The Dance Delight in ‘Barbie’ Belongs to the Kens

by Joe Holman
The Dance Delight in ‘Barbie’ Belongs to the Kens

When Robbie’s Barbie is trying to escape from executives who want to put her back in her box, she runs through the offices with breathtaking strength as if gulping up freedom with each step. It echoes other films Gerwig has been involved in: the scene in Noah Baumbach’s “Frances Ha” in which her Frances sprints down Manhattan streets, and the quicksilver way Saoirse Ronan’s Jo races through “Little Women,” which Gerwig directed.

In “Barbie,” physicality is important. Gerwig cast dancers to play the multiple Kens and Barbies, and they give the scenes a readiness, an urgency. “They had to have not only the dance ability, but be able to hold themselves and know how to act,” White said. “Quite specific things at crucial moments other than the dance that they had to do.”

In the other big dance number, the Barbie party scene, the choreography is shown at first mainly in close-ups — shot from within to create the sensation that the viewer is on the dance floor. Except for the moment when Robbie’s Barbie wonders aloud if anyone ever thinks about dying, it’s all clueless innocence.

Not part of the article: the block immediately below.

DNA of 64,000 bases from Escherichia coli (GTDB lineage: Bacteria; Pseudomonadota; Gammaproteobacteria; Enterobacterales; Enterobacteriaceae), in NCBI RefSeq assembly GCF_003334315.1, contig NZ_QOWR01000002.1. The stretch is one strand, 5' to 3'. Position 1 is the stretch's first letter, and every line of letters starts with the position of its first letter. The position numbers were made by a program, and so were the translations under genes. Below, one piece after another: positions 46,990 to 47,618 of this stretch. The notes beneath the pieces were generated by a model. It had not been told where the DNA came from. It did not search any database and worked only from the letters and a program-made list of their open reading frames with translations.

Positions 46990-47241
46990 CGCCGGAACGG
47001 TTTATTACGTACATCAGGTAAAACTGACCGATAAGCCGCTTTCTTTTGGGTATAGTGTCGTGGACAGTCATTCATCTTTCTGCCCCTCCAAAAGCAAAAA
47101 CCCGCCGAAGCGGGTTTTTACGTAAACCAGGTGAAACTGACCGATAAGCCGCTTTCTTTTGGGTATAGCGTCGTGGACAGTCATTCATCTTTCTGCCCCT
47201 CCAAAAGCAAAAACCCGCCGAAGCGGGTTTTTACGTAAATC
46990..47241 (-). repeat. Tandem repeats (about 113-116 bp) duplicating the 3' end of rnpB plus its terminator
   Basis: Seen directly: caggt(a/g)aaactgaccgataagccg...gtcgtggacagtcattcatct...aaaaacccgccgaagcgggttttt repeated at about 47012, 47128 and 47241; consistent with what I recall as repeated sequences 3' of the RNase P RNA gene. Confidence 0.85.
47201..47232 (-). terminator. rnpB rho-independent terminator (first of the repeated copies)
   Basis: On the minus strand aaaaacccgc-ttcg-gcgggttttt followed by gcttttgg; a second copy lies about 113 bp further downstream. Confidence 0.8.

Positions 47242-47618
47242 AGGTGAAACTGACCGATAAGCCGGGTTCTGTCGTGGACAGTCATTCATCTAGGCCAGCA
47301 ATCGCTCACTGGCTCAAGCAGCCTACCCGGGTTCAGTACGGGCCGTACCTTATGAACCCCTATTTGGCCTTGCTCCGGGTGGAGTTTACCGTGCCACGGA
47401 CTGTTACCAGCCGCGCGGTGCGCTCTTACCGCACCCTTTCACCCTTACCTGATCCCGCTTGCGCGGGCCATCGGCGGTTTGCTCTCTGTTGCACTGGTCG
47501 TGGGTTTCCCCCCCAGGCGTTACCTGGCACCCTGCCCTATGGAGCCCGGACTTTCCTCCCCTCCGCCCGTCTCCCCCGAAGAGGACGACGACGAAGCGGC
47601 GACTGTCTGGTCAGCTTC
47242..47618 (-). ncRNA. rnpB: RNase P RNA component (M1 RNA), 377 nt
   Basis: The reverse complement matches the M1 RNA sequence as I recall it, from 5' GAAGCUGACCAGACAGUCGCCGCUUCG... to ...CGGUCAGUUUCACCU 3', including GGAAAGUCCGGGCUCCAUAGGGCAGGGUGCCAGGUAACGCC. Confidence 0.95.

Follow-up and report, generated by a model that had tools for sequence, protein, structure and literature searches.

“I really wanted to find movements that were fairly simple but kind of liberating and good fun,” White said. “One of Greta’s favorite moves was just swinging arms, like swimming backward. It felt so free and silly, but somehow when you’ve got 40 women doing it at the same time, it’s quite empowering.”

An arm swing makes sense: A Barbie doll’s arm can swing, but it can’t bend. Soon, though, the ordinary rules about Barbie’s range of motion start to dissolve. One of the film’s most obvious connections to dance, and dancers, is the most understated: When Robbie’s Barbie — whose ever-growing vulnerability melts through the plastic of her former self, allowing her to move with more plastique — has thoughts of death, she starts to change. Her morning wave to her Barbie friends becomes more of a wag; her feet, to her horror, fall flat. Her body, out of her control, is defying her. What dancer hasn’t experienced that?

It’s so clear that Gerwig, here and throughout her work, understands movement. She studied dance; she uses the body in big and subtle ways. As White put it: “She loves dance. I think she probably would have stayed in our rehearsals the whole time if she could.”

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